Sunday, October 20, 2013

Let Us Talk of Epitaphs

I was struck breathless recently, hearing this soliloquy from Shakespeare’s Richard II for the first time in a magnificent PBS production. The king has just been informed of the execution of his friends, and his poignant response begins with this lament, compelled to confront death without reassurance or pretense:

My husband and I have an appointment at the mortuary this week. It’s time for us to talk of epitaphs. For months, I couldn’t even face writing Noah’s dates, much less imagine words for his gravestone. Coming up with the right message feels like the hardest exam I’ve ever taken, with an answer I can never get right. These words will be written in stone, outlasting all of us. Nothing could be more permanent. The epitaph that “writes sorrow on the bosom of the earth” and the placement of the stone over his grave will seal the permanence of our son’s horrific and untimely death. 

At the moment we are leaning toward the simple. We can never capture who he was and how he lived in a few lines. So we gravitate toward the heartfelt:
            Much loved
            Much missed
            Forever in our hearts

I am not sure this is enough. Will it feel right in ten months, much less ten or twenty years? I want some summation of his spirit and talents to be memorialized, along with our love. But where to begin? A list of interests and hobbies seems trivial, more for a resume or a Facebook site than an epitaph. Maybe we can choose a line that hints at this, along with our love, like one of the following:
            Tender soul    
            He made things happen
            Bunsen burner of joy
            Full of life
            So many gifts
But these feel like lines from a book or movie ad.

I am leaning toward the last line. So many gifts that Noah possessed, so many that he shared with family and friends over the years. The notion of gifts is not wholly comfortable now, with us still so wounded by his suicide and blind to any spiritual gifts it might eventually yield. Still, the gifts Noah had and shared in life are how I would like to remember him and have others remember him.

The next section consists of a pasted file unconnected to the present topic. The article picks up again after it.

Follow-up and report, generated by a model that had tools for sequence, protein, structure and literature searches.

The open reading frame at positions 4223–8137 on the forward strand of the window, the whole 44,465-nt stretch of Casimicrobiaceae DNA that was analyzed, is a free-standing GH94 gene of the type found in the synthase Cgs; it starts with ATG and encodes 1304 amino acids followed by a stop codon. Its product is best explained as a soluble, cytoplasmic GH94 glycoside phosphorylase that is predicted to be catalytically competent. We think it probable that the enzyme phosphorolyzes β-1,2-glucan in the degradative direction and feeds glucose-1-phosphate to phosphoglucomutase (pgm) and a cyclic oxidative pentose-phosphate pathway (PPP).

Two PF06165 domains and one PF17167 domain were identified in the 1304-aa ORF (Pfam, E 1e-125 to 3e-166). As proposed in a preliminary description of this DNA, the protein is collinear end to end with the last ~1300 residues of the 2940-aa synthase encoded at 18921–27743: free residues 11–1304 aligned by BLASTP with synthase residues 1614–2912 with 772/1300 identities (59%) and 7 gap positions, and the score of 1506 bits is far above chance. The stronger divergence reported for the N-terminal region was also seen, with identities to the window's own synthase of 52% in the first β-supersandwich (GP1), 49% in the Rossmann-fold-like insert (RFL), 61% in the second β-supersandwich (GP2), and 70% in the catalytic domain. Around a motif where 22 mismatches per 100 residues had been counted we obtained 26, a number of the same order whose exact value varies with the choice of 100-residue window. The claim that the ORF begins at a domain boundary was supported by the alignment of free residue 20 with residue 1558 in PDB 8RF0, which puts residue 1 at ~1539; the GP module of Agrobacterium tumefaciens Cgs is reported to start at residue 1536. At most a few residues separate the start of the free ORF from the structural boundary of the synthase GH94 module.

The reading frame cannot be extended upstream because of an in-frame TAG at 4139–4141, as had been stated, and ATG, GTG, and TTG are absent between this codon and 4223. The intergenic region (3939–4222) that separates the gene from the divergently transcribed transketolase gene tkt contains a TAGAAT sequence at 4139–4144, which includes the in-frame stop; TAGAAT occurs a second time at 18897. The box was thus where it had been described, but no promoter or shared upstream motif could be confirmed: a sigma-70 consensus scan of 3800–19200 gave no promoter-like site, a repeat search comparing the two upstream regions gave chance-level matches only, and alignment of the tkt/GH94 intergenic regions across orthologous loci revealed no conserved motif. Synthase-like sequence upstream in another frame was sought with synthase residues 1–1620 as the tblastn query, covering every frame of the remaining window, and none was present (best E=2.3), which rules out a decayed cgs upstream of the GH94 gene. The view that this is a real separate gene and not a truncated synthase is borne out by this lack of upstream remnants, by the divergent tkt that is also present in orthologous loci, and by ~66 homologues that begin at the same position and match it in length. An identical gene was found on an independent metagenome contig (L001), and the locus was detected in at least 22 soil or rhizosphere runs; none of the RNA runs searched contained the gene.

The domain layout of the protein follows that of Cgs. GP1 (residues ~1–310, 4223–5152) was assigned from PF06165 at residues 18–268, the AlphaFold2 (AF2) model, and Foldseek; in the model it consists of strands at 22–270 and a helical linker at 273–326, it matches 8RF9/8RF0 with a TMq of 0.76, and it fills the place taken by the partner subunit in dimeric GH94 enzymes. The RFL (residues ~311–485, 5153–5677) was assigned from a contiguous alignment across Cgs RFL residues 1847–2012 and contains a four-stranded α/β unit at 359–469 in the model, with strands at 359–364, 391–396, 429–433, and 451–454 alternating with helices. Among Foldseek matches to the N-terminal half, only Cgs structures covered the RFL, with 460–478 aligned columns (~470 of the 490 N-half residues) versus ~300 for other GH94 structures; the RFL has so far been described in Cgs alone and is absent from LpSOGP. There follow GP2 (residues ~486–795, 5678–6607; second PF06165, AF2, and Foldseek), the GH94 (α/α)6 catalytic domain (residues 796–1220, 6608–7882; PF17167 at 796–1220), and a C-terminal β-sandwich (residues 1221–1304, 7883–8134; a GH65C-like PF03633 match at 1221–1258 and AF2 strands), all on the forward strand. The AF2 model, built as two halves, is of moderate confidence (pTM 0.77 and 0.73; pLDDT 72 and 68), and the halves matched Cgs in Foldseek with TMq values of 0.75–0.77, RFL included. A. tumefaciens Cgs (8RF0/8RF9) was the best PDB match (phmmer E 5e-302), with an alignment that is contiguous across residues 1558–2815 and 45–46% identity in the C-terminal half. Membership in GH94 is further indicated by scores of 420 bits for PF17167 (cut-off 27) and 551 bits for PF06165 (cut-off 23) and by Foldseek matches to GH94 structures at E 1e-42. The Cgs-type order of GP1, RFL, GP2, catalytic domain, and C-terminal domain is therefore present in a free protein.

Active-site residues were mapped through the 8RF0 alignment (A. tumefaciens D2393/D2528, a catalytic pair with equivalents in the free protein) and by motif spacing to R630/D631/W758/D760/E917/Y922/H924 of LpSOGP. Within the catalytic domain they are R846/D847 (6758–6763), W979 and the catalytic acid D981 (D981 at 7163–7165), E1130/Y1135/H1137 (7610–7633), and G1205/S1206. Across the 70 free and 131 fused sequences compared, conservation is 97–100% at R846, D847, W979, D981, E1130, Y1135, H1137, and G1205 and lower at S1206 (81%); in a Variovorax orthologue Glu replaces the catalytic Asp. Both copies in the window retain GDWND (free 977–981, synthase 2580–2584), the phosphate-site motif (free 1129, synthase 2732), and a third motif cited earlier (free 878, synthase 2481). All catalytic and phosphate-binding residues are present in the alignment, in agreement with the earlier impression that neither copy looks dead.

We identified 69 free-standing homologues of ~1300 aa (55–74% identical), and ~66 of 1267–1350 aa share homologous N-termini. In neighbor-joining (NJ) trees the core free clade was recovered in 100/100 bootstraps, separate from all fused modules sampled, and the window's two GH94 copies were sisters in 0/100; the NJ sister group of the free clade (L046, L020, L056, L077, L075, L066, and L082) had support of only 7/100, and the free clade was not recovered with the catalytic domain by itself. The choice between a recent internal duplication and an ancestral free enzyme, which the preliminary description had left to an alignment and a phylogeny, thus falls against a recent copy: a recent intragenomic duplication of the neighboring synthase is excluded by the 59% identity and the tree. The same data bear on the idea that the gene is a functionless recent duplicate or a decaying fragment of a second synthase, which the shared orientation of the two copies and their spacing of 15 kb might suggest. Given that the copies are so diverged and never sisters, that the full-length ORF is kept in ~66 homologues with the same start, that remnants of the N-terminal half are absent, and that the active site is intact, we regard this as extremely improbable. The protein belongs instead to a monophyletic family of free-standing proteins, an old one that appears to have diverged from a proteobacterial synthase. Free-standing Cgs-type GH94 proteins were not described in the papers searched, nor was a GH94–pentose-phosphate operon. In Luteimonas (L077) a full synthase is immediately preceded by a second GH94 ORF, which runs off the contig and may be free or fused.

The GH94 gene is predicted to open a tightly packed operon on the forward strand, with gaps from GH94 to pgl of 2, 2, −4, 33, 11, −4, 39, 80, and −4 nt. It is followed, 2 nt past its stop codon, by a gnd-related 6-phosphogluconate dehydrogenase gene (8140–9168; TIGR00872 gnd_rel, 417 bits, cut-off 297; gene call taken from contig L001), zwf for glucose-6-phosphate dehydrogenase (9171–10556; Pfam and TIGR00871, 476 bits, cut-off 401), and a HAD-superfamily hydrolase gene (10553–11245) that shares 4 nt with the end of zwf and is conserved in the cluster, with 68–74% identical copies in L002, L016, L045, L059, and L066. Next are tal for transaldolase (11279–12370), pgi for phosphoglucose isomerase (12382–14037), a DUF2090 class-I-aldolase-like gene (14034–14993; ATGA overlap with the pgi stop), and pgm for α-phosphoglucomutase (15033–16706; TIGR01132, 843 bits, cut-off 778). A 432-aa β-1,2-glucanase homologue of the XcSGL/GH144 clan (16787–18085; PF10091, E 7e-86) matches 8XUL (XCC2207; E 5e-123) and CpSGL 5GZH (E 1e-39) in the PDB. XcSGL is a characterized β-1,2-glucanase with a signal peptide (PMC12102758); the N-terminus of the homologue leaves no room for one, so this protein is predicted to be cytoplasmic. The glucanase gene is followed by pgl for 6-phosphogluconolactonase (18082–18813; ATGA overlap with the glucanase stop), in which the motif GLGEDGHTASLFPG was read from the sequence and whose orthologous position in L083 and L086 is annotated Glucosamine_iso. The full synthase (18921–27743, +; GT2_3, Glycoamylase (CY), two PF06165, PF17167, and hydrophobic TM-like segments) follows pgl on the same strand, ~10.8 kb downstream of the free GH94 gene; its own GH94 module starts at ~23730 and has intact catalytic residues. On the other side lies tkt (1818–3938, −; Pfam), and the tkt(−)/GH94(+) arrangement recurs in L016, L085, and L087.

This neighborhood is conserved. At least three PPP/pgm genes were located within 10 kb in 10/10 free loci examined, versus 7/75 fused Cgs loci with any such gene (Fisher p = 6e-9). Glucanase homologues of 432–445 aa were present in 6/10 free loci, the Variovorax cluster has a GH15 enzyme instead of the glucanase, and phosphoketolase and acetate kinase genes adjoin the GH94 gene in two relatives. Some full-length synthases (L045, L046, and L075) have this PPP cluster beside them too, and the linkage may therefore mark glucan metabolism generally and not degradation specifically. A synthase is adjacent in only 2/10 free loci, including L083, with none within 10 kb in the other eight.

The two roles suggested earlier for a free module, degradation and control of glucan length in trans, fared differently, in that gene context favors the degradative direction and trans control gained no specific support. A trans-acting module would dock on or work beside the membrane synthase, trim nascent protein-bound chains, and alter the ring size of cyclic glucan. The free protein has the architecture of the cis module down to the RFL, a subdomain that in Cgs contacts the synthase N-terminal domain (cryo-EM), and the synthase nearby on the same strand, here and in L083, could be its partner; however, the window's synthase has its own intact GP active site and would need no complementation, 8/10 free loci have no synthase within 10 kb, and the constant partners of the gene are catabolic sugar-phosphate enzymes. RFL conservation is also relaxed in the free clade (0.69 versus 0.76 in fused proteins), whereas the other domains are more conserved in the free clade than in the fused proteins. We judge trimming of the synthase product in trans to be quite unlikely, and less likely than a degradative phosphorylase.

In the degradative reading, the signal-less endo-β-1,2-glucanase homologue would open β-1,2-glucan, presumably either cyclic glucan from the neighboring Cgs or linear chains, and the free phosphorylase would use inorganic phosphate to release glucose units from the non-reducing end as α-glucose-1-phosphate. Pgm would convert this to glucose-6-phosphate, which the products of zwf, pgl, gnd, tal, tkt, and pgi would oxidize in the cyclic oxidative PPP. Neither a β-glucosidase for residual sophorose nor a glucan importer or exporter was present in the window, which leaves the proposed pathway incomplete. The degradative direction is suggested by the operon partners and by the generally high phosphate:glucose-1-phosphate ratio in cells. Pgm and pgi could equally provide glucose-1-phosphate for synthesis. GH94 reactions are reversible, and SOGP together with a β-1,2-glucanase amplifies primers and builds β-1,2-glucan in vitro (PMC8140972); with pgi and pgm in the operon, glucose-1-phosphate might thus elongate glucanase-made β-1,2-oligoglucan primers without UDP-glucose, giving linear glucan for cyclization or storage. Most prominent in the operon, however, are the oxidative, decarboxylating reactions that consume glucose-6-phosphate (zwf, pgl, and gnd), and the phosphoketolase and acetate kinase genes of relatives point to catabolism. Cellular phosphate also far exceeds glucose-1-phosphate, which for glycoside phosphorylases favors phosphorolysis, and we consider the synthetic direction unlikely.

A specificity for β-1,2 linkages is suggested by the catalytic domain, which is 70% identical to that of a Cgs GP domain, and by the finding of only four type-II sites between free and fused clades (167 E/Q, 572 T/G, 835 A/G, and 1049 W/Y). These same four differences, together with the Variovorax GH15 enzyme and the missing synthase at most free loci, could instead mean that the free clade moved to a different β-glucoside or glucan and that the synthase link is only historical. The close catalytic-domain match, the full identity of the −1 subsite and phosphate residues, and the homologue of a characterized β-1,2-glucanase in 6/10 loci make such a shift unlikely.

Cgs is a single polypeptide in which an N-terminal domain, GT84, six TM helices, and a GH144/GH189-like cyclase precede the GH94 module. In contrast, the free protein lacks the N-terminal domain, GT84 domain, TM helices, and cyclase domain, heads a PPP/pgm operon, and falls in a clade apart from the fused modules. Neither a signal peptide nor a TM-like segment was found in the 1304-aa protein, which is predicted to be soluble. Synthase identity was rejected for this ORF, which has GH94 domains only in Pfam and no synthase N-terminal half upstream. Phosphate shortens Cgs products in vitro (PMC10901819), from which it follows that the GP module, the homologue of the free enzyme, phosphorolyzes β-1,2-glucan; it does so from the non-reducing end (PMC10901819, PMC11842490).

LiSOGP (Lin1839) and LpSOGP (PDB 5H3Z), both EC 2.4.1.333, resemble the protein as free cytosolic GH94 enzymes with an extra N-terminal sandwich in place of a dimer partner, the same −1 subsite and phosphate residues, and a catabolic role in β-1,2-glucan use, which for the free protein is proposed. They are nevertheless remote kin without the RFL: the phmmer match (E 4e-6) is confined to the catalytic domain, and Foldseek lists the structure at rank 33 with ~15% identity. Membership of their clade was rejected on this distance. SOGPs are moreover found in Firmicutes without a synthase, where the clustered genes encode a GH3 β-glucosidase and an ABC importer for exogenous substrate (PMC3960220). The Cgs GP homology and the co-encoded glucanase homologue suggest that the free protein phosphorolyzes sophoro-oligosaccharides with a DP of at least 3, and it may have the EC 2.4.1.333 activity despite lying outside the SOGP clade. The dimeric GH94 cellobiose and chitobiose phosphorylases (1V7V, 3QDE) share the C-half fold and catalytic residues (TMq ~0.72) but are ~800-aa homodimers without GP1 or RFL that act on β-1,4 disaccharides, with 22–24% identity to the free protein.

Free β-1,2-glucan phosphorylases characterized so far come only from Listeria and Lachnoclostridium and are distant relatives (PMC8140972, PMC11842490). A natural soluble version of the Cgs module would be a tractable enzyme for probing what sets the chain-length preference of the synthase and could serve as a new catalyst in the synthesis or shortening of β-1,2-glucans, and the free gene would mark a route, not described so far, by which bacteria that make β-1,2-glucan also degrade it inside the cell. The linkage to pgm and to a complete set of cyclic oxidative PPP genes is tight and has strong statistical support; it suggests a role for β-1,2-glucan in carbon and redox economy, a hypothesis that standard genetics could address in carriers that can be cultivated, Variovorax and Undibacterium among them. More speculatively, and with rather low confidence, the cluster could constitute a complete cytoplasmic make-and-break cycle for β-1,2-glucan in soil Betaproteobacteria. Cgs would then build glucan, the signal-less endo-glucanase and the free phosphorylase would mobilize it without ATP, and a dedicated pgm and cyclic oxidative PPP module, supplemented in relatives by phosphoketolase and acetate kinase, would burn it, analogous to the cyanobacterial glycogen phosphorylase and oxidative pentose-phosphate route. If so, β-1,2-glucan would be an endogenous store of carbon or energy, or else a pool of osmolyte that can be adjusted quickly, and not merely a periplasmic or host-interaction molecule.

So many gifts, so much promise.

At a loss for words.


  1. Hi Susan, what did you end up going with?
    My family is facing the same awkward question.
    I am tempted to suggest "Eternal Damnation" or "What an idiot" but that is my anger and bitterness towards the way he died.
    I am also pondering the bible quote "For I know the plans I have for you" because it is hopeful - but this is not going well with my siblings/mother.
    Really liked your short and sweet ideas.

  2. Hello Rachel,
    I'm very sorry for your loss. These decisions about gravestones are so difficult, especially in the early stages of mourning. I think you're right to resist putting anything angry or bitter on there, though you are totally entitled to those feelings. All I can advise is to think about how you want to remember your loved one and somehow reflect that--and also give yourself enough time, if possible, to reflect on the words you and others want, sit with them a while, before deciding on something to be written in stone. All the best with this difficult process.
    In shared sorrow,